The Titanic had fifteen bulkheads, the tops of which extended up above the waterline. The bulkheads were built to comply with current maritime standards. The problem was that the standards did not require the bulkheads to be capped. It was like a canister without a lid.
After the collision with the iceberg, five of the bulkheads on the starboard bow gradually filled with water. As they filled, the ship listed and because the bulkheads were not capped. The water slopped over the tops into the other bulkheads. Soon the other bulkheads started to fill with water and the ship sank ever more rapidly.

The Inquiries found that the main reason that the Titanic sank was the fact that the bulkheads were not capped, and therefore not watertight.

Lesson Two – The double hull could have been better designed

The Titanic had been designed with an outer hull, and with an inner hull between 63 and 75 inches inside, to provide extra protection if the outer hull were breached, such as by grounding. The fact that the double hull extended up the sides of the hull was the main reason why the Titanic was considered by its owner to be ‘unsinkable’. Or as the owner put it – the whole ship was a lifeboat.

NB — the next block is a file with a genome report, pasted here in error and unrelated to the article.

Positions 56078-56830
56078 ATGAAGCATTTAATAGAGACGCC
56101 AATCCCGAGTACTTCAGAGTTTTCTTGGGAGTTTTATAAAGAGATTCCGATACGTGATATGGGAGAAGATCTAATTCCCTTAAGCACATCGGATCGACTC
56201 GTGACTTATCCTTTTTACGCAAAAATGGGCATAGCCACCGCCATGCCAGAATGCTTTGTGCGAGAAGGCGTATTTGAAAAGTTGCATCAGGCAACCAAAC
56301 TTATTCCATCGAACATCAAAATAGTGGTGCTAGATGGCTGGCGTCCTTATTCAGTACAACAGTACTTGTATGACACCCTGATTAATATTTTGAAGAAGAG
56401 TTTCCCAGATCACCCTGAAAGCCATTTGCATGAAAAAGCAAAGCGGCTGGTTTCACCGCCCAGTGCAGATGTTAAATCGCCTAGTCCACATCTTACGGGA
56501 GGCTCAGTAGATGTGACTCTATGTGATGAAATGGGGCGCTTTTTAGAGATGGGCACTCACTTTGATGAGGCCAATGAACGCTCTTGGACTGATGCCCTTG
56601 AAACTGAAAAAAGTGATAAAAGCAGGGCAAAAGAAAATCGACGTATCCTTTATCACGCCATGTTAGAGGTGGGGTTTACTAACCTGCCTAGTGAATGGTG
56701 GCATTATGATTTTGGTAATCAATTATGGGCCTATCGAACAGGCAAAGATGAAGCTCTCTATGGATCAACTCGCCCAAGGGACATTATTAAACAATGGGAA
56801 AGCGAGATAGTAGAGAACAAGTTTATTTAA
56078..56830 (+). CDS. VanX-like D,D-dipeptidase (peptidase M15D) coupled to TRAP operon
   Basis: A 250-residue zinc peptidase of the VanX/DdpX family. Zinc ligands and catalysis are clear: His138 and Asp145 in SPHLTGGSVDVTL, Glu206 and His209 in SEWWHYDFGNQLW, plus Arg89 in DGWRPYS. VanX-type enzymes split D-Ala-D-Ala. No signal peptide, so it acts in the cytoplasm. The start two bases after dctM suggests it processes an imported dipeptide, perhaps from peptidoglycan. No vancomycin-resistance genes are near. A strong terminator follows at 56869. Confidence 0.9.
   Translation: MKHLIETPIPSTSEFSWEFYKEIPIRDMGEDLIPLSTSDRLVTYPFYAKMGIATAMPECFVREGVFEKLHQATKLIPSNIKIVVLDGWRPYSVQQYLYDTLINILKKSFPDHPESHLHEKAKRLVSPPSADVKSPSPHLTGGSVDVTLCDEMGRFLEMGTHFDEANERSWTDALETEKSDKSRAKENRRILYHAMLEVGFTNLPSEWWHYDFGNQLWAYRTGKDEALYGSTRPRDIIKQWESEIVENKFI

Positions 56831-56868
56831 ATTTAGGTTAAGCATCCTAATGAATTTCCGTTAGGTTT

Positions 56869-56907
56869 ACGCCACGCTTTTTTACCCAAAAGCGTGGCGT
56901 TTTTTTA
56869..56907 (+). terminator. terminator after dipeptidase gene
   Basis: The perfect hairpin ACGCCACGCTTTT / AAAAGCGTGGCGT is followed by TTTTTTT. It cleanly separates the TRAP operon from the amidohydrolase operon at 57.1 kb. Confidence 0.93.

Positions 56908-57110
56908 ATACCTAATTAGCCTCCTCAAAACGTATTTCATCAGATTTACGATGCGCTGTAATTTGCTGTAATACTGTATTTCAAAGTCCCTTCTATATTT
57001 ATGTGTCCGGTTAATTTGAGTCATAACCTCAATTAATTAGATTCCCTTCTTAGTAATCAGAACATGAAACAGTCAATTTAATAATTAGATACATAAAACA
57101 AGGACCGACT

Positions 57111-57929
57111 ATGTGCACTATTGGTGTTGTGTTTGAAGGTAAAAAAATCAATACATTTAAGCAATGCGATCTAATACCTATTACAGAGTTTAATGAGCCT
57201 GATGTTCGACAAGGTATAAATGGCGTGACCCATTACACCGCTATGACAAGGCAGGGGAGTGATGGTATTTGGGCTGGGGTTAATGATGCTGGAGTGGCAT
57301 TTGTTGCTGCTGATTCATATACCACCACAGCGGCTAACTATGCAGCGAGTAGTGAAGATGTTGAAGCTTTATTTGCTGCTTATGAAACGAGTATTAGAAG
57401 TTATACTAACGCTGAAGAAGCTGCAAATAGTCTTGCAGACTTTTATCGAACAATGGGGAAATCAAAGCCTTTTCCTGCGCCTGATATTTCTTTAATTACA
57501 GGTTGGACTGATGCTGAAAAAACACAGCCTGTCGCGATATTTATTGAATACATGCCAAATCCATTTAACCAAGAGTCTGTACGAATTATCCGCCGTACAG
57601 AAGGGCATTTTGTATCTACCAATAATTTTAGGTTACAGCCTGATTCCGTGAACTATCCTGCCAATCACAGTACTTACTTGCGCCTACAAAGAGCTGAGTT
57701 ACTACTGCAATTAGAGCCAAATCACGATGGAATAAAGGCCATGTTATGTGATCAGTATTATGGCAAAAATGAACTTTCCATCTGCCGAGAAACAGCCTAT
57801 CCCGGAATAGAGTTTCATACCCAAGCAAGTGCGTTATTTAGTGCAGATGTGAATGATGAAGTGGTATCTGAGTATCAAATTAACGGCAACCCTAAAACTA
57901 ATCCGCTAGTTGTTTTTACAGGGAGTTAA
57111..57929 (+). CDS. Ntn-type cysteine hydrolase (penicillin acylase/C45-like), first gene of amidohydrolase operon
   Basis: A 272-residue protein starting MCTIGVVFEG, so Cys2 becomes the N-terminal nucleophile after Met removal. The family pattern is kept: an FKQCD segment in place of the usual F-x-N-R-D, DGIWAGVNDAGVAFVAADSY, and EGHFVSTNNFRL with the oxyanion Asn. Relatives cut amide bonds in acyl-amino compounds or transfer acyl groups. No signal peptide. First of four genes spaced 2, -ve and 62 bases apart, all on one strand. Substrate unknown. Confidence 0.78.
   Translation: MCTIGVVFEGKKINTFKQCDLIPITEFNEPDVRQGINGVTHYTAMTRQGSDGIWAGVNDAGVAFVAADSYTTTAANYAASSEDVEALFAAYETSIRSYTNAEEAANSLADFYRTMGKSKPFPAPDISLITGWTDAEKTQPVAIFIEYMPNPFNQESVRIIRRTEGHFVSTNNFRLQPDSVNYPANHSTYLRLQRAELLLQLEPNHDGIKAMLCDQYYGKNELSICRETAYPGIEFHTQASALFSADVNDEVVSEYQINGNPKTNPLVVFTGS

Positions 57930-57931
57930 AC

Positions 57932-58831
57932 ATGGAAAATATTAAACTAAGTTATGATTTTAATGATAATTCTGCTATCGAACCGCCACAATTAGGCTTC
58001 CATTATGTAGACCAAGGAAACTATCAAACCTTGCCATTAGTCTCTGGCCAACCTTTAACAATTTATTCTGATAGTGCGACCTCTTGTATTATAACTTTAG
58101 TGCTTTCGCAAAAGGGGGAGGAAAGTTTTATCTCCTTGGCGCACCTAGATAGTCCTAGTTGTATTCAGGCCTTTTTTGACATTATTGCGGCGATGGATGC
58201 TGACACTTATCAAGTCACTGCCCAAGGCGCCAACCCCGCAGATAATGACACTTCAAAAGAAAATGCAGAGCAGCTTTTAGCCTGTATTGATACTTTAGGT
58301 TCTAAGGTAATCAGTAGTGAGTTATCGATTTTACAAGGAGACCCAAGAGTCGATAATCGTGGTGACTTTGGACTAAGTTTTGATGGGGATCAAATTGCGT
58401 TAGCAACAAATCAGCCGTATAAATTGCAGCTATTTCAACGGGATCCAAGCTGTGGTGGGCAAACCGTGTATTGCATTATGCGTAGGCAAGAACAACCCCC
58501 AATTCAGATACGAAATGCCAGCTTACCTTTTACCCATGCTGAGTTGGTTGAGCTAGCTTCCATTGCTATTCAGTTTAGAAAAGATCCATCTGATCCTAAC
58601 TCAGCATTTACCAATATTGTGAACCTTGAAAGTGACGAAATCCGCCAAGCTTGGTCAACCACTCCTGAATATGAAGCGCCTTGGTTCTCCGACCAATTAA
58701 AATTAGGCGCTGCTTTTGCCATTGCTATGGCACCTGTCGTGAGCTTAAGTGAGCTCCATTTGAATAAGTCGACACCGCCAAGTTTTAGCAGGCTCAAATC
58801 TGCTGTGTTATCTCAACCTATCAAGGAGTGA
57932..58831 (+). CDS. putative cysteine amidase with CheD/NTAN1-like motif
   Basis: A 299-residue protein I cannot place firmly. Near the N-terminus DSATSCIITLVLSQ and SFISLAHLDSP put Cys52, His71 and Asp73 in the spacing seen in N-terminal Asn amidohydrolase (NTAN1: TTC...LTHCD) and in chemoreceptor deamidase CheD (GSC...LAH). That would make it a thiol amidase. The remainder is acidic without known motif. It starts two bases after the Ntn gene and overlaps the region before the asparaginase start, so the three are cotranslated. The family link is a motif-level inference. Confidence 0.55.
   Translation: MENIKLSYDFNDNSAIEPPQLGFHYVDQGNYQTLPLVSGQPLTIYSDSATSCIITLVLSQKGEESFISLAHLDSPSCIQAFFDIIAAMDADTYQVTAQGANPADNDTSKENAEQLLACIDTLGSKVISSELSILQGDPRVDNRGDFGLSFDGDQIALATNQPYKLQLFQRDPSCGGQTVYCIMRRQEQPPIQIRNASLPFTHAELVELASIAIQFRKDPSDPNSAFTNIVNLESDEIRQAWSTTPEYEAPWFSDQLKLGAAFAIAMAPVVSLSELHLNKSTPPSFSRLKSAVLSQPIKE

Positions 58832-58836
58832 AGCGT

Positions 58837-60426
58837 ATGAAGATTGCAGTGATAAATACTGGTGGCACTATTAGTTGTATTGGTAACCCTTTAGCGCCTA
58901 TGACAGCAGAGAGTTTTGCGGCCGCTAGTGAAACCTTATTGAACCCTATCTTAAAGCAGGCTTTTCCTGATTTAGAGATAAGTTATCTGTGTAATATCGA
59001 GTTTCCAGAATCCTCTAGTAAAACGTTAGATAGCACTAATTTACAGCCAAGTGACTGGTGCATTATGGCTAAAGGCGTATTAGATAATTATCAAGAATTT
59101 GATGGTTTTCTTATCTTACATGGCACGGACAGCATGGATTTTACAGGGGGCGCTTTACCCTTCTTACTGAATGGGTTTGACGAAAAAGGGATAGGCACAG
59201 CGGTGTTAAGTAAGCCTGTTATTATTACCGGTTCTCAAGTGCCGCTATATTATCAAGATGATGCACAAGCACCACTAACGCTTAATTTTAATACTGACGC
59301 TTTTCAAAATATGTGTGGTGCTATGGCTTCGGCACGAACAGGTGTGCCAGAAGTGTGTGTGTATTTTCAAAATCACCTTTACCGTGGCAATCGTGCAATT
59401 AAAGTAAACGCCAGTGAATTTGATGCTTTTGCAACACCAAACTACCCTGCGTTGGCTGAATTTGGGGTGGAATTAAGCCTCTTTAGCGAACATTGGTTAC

The poor design lay in the fact that around the turbine and engines, the inner hull had not been extended above the waterline, to where it had been extended elsewhere on the hull.

Once the ship started listing, and water filled the gap between the double hull to the waterline, slopping over the inner hull near the machinery space, where the pumps were unable to contain the flooding.

Lesson Three – Not enough lifeboats

The Titanic was designed to carry 32 lifeboats, which could have carried 2,160 passengers. There were 2,201 passengers on board, and so 32 lifeboats would have almost been enough.

A lifeboat is attached to a davit, which consists of two steel arms with ropes and pulleys to allow the lifeboat to be lowered into the water. The davits on Titanic were Wehlin double-acting davits - designed for two lifeboats per davit.

The owner of the Titanic, the White Star Line, chose to fit one lifeboat per davit instead of two lifeboats per davit. Therefore it carried 16 lifeboats, one for each of the 16 davits, plus four collapsible lifeboats, which meant that there was capacity for 1,178 passengers. This complied with current maritime standards. The standards were based on tonnage, not numbers of passengers!